auuuu Index
Ballooning INTRODUCTION
Early Balloons
Military Use of Balloons
Scientific Use of Balloons
Ballooning as a Sport
Ballooning Records
Long-distance records
Zero-pressure balloons
Superpressure Balloons
Uses of Scientific Balloons

Military Use of Balloons

During the Franco-Prussian War (1870-1871), balloons were used for military observation by the armies of both nations. The French statesman Léon Gambetta made a dramatic escape from the besieged city of Paris by balloon.

Armies in World War I (1914-1918) made extensive use of balloons, especially for military observation. The balloons were tethered (controlled by ropes) and used to observe enemy lines. They were quickly lowered when enemy aircraft were sighted. Allied and German pilots received medals for shooting down observation balloons.

During World War II (1939-1945) the barrage balloon (a large fabric balloon tethered to a steel cable) was used extensively to protect London from low-level air attacks. The barrage balloons were tethered in rows at altitudes up to 1,000 m (4,000 ft) to provide a barrier against enemy bombers attacking London. Also during World War II, Japan launched over 9,000 Fu-Go balloons in 1944 and 1945. These were 10-m (33-ft) laminated paper spheres inflated with hydrogen. A timing mechanism periodically dropped ballast (stabilizing heavy weights) to maintain the balloon near the jet stream (the wind that travels from west to east in the upper atmosphere). The balloons carried incendiary bombs and one high-explosive bomb. Only 10 percent of the balloons reached the West Coast of the United States, and most of these landed in the Northwest during the rainy season and caused little fire damage.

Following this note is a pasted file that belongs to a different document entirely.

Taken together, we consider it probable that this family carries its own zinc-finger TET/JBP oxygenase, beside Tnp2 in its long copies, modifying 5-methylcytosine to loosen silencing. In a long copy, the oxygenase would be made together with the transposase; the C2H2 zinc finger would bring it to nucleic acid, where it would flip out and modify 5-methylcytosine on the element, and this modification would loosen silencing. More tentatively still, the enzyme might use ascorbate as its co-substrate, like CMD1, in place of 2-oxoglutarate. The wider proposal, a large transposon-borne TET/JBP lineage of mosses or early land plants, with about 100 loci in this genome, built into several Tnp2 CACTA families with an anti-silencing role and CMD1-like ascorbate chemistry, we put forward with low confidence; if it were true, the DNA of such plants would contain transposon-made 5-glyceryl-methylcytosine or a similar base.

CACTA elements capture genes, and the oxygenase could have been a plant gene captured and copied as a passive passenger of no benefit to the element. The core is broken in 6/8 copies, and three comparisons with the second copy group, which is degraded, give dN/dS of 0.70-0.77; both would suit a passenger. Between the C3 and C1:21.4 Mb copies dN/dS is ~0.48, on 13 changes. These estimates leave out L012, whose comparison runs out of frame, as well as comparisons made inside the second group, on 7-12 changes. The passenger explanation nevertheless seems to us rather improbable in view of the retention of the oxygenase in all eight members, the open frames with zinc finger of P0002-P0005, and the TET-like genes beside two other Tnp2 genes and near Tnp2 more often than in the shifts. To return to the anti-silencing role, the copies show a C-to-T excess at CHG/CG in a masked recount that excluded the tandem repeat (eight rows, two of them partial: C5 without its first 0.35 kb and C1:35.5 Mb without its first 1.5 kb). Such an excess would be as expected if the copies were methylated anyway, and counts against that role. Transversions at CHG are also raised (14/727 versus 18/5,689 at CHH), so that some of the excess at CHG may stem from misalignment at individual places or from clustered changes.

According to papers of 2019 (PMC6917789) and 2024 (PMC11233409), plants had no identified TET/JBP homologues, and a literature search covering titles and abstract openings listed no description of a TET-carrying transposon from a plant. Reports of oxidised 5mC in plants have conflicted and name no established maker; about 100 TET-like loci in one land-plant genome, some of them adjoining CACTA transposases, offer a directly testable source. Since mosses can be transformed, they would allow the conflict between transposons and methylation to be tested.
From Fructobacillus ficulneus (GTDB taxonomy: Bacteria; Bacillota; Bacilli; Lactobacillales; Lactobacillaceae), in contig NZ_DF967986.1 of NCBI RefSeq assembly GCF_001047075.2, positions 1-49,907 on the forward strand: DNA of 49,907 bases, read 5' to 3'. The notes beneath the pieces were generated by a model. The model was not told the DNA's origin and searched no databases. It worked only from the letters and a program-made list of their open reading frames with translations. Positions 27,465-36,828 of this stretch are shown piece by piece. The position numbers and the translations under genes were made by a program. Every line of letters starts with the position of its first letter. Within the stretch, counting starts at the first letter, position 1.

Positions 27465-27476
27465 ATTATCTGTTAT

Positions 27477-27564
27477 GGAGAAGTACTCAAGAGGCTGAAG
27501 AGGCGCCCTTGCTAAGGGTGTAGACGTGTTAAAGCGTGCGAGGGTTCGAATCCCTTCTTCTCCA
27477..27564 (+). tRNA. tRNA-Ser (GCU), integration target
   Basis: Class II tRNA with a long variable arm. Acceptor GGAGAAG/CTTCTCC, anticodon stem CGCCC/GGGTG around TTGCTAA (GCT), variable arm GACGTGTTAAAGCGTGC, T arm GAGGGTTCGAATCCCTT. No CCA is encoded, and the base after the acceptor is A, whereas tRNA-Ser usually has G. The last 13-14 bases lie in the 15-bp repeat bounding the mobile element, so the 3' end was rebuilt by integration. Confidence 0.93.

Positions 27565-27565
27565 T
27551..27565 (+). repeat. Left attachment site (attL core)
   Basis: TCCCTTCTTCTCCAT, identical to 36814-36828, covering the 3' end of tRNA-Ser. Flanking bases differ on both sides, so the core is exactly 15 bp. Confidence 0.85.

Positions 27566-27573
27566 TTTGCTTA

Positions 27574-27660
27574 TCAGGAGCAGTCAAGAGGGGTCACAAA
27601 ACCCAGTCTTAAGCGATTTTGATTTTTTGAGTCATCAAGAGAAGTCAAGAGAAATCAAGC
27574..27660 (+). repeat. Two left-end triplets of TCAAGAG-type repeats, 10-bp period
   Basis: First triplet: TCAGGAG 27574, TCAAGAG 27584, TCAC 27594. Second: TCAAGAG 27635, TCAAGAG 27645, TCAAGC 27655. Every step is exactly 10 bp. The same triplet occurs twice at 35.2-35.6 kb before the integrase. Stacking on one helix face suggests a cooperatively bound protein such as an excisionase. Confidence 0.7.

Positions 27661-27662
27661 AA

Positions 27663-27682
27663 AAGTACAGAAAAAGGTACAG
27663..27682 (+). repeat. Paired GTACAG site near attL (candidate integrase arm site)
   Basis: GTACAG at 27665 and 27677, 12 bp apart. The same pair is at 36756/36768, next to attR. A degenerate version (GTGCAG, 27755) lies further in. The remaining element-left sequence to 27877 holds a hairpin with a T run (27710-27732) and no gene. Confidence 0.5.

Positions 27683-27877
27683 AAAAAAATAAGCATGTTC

Balloons were also used during the Cold War. For a brief period the United States Air Force flew several hundred balloons equipped with cameras over the Soviet Union. A timer controlled the release of the cameras. Once released, the balloons rose rapidly and destroyed themselves in the atmosphere. The cameras descended by parachute over the Pacific Ocean, and U.S. Navy vessels recovered them. After the late 1960s high-flying aircraft and satellites replaced balloons in performing this reconnaissance.

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